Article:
In 2013 Annie Pollard opened her pub, the 7 Devils Brewing Co., in Coos Bay, Oregon. Less than two years later, the pub flooded during a heavy rain that coincided with a high tide, and Pollard found herself stacking sandbags and mopping up floodwaters. While high tide flooding is relatively infrequent in Coos Bay, when it does occur, businesses like Pollard’s are at risk, and inundated roads cause traffic in town to snarl. Pollard and other business owners are acutely aware that such floods could become a much bigger problem for Coos Bay in the future.
Sea level rise in Oregon
The hot spots of sea level rise in the US tend to be located on the East and Gulf Coasts, where sinking land and changes in ocean circulation are amplifying the global sea level rise rate. But when we take a deeper dive into our interactive maps of chronic flooding due to sea level rise, it’s clear that small but significant areas within many of Oregon’s idyllic coastal towns–Coos Bay and Tillamook, for example–are also at risk of chronic inundation in the coming decades. And residents of coastal Oregon like Annie Pollard are considering what that means for their homes, businesses, and communities.
Life in coastal Oregon
The Oregon coast is dotted with small towns that contribute to the state’s economy. “A lot of port facilities are right at sea level,” notes Bill Bradbury, the former Secretary of State of Oregon, and they are “definitely part of the economic infrastructure along the coast.” In Tillamook County, in northern Oregon, fertile lands for agriculture sustain, among other businesses, the Tillamook Cheese Factory.
These industries are intimately connected to the water. Regular flooding of Tillamook, for example, helped to make the land as fertile as it is today. And a network of seawalls and other structures have held back the sea since the 1800s in order to maintain the land for agriculture.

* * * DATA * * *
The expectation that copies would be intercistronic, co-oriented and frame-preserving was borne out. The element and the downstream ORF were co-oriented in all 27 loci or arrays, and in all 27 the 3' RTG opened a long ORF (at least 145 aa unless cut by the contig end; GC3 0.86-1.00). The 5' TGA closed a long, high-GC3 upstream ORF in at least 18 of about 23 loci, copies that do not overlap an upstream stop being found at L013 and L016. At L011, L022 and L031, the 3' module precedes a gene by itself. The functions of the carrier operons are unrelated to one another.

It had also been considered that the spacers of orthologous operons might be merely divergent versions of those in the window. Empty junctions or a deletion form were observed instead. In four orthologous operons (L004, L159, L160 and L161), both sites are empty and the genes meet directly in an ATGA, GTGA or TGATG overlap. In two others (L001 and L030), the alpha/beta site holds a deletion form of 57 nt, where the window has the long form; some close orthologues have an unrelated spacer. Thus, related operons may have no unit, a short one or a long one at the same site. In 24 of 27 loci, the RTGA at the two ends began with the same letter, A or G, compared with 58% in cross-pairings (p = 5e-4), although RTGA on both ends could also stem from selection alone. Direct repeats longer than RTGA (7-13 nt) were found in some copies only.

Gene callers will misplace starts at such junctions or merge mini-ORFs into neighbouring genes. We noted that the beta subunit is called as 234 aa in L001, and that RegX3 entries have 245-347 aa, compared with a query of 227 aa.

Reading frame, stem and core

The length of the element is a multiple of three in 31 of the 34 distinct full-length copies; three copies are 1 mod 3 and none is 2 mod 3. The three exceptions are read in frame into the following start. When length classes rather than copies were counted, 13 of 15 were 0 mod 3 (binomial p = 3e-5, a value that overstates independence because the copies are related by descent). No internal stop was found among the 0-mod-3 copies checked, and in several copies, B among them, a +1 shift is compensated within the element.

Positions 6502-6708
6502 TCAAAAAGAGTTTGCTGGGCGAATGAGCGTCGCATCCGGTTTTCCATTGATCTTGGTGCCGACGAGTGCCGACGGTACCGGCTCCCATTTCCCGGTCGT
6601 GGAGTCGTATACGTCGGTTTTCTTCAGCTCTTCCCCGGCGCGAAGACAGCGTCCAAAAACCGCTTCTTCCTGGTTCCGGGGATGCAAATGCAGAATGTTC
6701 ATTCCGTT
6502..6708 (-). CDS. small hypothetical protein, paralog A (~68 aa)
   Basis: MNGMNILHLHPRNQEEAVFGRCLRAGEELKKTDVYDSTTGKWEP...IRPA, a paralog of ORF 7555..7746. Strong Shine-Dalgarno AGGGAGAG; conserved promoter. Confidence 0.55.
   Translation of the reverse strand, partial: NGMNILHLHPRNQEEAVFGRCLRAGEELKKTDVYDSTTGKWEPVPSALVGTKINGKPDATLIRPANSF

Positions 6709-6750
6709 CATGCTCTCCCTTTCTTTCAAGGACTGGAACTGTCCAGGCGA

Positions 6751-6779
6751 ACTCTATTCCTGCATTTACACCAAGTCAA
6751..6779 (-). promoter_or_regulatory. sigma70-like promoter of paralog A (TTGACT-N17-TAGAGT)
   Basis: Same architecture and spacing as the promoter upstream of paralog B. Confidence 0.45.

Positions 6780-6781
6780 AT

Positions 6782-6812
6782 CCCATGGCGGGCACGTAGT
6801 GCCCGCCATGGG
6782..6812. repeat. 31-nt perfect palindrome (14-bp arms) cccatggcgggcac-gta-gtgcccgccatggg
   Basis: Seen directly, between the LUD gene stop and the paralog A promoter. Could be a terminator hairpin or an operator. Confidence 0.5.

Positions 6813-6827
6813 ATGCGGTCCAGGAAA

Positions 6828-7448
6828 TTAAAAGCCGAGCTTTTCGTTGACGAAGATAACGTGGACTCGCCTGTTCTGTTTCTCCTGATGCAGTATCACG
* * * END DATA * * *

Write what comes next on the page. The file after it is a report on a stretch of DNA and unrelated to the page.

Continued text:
Residents of Oregon have noted, though, that the state’s traditional coastal industries have changed in recent decades. Bradbury speaks of how his hometown of Bandon, with about 3,000 residents, used to have a sizeable fishing industry, but it has since declined. Similarly, Pollard has noted that declining fisheries and the reduction of old growth forests caused an economic downturn that transformed Coos Bay from a working community to one that caters more to retirees. And the region’s oyster industry has had to adapt to the fact that ocean acidification is making it harder for oysters to grow. Sea level rise is poised to bring additional changes to Oregon’s coast.
Flooding in coastal Oregon today
Annie Pollard’s experience with flooding in Coos Bay a few years ago is mirrored by that of other residents and business owners in the state. When coastal Oregon floods today, it tends to result from heavy rainfall (typically in the winter months) exacerbated by high tides that prevent the water from draining into the ocean.
In the town of Tillamook, such flooding, which occurs every 2-3 years, affects Marcus Hinz’s kayaking business, Kayak Tillamook. Hinz notes that his customer base declines in the wake of a flooding event. Most of his customers come from the I-5 corridor (southern Washington, central Oregon, Idaho). A single flooding event can scare customers away for the season, even if Hinz’s company is operating normally within a couple of weeks of the flood. “Our small company doesn’t have marketing to compensate for the news,” Hinz says.
In the wake of a flooding event Hinz and his staff have to re-scout the waterways, because each flood changes the flow of water and the dynamic of Tillamook Bay. And in 2015, he lost all three of his company’s vans due to flooding. The company is just now regaining its footing.
A similar dynamic with high tides that prevent heavy rains from draining takes place in the Coquille Valley, located inland of Bill Bradbury’s hometown of Bandon. This broad, low-lying region is connected to the Pacific by the Coquille River, which drains out from the Coast Range. The Valley is primarily agricultural land–cattle and sheep graze there, and hay is grown for livestock.
“The Coquille Valley floods almost every winter,” says Bradbury, but that flooding could become much more frequent within the next 15-20 years.
When will Oregon face chronic flooding?